- Develop an agreeable Employer Safety Action Plan (ESAP).
- Review the PSAP and ESAP on a frequent basis for completeness and validation.
Step 4. Incorporate a Safety Management System.
- A safety management system will help to prioritize safety objectives, corrective action plans, and assign individual responsibility and accountability in order to improve worker safety and health. Remember, safety is all about reducing a hazard to an acceptable level of risk.
- Using ISO format for your safety management system such as ISO 14001 for environmental or ISO 9001 for quality management systems is advisable. By December of 2017, there may be ISO 45001 for safety management system. These ISO formats are very good formats to incorporate even if you are not seeking certification.
- Alternatively, ANSI Z10-2012 is another safety management system format to consider.
Step 5. Develop a Return to Work Program.
- Employees should meet restrictions applied by physician, when applicable.
- When designing a return to work program, consult with physician and claims adjuster; perform site visits, review job descriptions, and job safety analysis.
- Consider allowing employees to return to work with work restrictions.
- Keep the employee active while on restrictions. Do not have them sit in the break room with nothing to do. This damages morale.
- Be careful of where you place administrative tasks. Place them in the training room or extra cubical for administrative work rather than leaving them to find an unused corner for these tasks.
Step 6. Close claims rapidly.
- Maintain constant contact with claims adjuster during a claim.
- Continue investigation on claims even after they have been filed. New information may arise that could hinder the claim and cause it to be suspended or denied.
- Bring any new information to claims adjuster immediately in order to maintain the integrity of the process. Don't wait to see if the information will be asked for or needed later.
- If necessary, debate the validity of claim. Do not be afraid to debate the validity of an alleged injury or illness, especially soft tissue claims. As an employer, you have the right to contest if you believe the claim is fraudulent. Remember that workers' compensation fraud exists.
Step 7. Pre-Employment Screening of New Hires.
- Legal advice should be sought after before implementing any type of pre-employment screening programs. (Learn more in "The Importance of Determining an Employee's Pre-Existing Injuries")
- Contract/temporary employees and part time employees should also be considered for any pre-employment screening. (Learn more in "How to Set Up a Fit-for-Work Testing Program".)
- By using pre-employment screening coupled with a good physical demands analysis of the specific job in question, employers can quickly identify if a potential employee will likely be injured by the nature of the job duties or if the employee has a condition that makes them a general safety risk for certain jobs. (Learn more in "7 Fascinating Facts About Sleep Apnea and Workplace Safety".) Studies have found this type of screening can reduce some of the most common injuries by up to 59%. (Learn more in "When To Use A Functional Capacity Evaluation".)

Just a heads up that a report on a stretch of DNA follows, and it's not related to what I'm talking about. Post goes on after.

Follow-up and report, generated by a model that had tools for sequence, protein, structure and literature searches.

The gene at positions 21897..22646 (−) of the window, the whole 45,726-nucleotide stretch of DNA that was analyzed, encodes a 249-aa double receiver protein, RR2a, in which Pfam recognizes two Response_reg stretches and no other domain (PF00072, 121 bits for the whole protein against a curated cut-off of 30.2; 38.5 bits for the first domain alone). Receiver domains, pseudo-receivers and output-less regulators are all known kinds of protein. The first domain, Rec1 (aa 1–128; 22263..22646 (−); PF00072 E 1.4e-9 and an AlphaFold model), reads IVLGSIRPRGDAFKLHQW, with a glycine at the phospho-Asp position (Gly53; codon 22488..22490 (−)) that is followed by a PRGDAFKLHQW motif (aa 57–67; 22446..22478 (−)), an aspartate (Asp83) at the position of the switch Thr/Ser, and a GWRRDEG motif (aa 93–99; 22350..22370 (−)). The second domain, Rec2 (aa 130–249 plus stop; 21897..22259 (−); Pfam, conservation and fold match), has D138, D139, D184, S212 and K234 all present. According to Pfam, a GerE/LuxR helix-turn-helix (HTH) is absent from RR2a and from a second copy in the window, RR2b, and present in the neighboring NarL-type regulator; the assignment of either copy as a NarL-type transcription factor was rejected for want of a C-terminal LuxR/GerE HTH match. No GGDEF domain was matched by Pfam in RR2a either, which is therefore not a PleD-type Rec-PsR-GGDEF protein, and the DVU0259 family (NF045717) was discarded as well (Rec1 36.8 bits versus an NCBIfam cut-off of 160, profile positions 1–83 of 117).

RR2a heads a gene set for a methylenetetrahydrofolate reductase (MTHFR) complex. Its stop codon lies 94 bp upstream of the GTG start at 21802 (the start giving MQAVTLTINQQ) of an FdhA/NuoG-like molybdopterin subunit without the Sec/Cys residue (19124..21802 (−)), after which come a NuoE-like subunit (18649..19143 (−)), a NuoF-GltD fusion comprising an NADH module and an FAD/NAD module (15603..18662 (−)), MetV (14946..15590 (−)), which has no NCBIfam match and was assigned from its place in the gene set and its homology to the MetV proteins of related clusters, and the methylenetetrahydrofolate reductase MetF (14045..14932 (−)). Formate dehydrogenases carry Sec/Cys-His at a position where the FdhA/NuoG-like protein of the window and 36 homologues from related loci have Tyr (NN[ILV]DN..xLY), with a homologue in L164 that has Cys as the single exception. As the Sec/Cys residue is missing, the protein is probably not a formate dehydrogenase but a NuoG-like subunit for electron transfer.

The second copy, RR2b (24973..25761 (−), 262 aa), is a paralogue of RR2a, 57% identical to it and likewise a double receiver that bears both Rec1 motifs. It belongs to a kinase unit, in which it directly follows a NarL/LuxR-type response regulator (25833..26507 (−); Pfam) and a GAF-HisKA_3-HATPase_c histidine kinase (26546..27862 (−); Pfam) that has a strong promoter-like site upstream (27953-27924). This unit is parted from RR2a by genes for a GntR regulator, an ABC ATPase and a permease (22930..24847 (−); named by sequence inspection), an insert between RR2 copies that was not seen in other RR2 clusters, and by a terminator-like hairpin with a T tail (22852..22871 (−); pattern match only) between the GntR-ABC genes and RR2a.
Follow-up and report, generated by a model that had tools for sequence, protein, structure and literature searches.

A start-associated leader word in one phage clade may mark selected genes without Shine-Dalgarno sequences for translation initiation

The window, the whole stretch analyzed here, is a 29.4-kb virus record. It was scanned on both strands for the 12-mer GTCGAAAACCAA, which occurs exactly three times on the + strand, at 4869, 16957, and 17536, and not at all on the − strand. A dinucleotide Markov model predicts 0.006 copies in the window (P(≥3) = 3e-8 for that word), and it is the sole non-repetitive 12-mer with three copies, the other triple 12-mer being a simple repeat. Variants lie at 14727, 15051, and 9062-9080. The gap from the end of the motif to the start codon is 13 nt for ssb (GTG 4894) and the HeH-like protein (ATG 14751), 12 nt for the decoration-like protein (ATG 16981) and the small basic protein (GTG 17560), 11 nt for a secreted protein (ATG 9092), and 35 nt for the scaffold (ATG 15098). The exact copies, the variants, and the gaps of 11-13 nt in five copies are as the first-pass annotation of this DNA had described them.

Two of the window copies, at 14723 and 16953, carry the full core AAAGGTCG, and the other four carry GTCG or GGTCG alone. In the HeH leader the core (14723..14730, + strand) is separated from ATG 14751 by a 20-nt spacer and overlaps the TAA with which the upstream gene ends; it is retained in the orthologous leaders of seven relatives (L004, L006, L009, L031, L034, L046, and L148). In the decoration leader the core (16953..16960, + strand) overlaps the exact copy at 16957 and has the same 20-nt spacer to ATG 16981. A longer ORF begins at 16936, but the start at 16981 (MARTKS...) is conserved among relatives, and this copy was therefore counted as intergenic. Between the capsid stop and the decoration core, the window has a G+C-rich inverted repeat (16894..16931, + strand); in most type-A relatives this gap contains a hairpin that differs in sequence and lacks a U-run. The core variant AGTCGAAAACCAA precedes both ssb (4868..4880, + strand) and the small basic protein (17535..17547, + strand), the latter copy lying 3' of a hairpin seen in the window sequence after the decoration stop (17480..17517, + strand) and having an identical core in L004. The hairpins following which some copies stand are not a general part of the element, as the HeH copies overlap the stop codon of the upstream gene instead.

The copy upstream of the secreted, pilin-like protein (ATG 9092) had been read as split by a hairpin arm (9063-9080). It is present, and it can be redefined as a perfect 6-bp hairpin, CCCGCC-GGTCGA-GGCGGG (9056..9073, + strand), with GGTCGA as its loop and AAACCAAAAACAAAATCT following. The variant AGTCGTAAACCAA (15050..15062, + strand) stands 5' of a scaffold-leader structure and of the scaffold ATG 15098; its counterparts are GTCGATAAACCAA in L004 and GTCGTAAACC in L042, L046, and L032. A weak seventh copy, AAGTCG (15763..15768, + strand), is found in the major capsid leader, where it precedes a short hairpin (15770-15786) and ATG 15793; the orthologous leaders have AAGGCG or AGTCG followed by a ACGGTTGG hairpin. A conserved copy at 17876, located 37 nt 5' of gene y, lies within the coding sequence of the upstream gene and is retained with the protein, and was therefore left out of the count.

- Using pre-employment screening data may also allow employers to fight some workers compensation claims if it is found that an employee defrauded the employer by lying about a pre-existing condition that put them at risk or if the employer can use the information to prove the injury existed before the job rather than as a result of the job.
Step 8. Do not be afraid to deny and contest injury claims that you feel may be suspicious from the start.
- Work to determine the root cause of an injury/claim.
- Do not be afraid to challenge an alleged claim.
- If a claim will be challenged, begin building a case immediately.
- Document anything you are told and the source of the information.
- Consider hiring a private investigator.
- Have an adequate incident investigation kit on hand.
- Supervisors should be trained to collect data/evidence in case of an incident.
- Remember that just because the pain is felt at work does not mean the injury was work related. (Learn more in "A Look at Lower Back Pain in the Workplace")
In closing, implementing and consistently managing workers’ compensation claims can be a tremendous value added activity for any business, large or small. It can save thousands of dollars annually and nudge management and employees to improve personal safety and health at the workplace through hazard identification and control. These 8 steps will have channel resources such as time and money to do just that.